• This is my first quadcopter build, and I would like your opinion on something. I read somewhere that reducing the vibration from the motors will improve performance of the accelerometer and gyro. To what extent should I worry about vibration? My initial design just included mounting the motors on foam grommets. However, I also came up with a nifty design that holds the motors suspended in springs (see rendering). Is this totally overkill and unnecessary? I appreciate your input.


  • The nylon bolts I had, not sure where they came from. The motors/esc's are Turnigy/HK.

  • That is a great design! I just finished the SolidWorks design for my quadcopter. Out of curiosity where did you source all of your parts? (ie. motors, esc's). Also where did you source the nylon bolts? Thanks for your help!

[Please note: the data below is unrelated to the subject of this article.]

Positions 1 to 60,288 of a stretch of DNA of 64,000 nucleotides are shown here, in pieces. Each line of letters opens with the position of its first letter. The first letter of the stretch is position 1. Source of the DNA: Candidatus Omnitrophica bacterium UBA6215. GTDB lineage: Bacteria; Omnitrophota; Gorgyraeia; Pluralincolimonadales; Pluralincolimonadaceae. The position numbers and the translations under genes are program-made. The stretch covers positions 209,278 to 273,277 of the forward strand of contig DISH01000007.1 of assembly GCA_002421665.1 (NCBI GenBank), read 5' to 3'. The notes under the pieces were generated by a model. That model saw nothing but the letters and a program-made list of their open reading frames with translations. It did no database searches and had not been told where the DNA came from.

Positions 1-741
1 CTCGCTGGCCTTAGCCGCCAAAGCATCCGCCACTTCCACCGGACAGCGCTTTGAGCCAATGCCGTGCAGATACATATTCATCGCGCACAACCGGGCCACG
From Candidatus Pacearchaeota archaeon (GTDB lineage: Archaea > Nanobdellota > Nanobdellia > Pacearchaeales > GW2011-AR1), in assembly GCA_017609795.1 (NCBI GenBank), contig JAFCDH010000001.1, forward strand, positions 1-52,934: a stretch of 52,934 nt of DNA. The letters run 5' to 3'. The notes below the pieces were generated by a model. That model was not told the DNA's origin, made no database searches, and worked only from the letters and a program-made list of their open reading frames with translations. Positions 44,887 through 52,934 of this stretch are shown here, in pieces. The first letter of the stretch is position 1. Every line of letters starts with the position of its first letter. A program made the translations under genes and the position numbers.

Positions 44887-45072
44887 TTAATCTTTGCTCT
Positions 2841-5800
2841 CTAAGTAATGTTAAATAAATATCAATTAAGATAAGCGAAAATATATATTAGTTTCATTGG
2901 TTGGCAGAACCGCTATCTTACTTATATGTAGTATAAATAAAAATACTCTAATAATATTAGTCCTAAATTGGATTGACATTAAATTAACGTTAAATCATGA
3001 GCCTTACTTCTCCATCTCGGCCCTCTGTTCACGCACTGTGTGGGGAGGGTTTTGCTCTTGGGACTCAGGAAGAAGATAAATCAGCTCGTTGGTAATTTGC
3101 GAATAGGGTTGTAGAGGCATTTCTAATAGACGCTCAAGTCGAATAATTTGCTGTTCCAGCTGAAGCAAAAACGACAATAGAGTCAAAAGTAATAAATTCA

• Everything is rounded with a 2mm fillet, and all the holes/slots are 3mm, so for almost everything I used a 2mm & 3mm spiral endmill. The "happy hacker" Defcon logo is done with a combination set down to 1mm for the detail. I would aim to use the largest endmill wherever possible for better tool life. Good luck with your build, hope to see a post when your done. (or along the way...)

  • Looks good. I'm still in the process of designing with solidworks and then CNC cutting it myself. Can you comment on the end-mill/bit sizes you used to cut (especially the slots)? I'm still learning how to do CNC.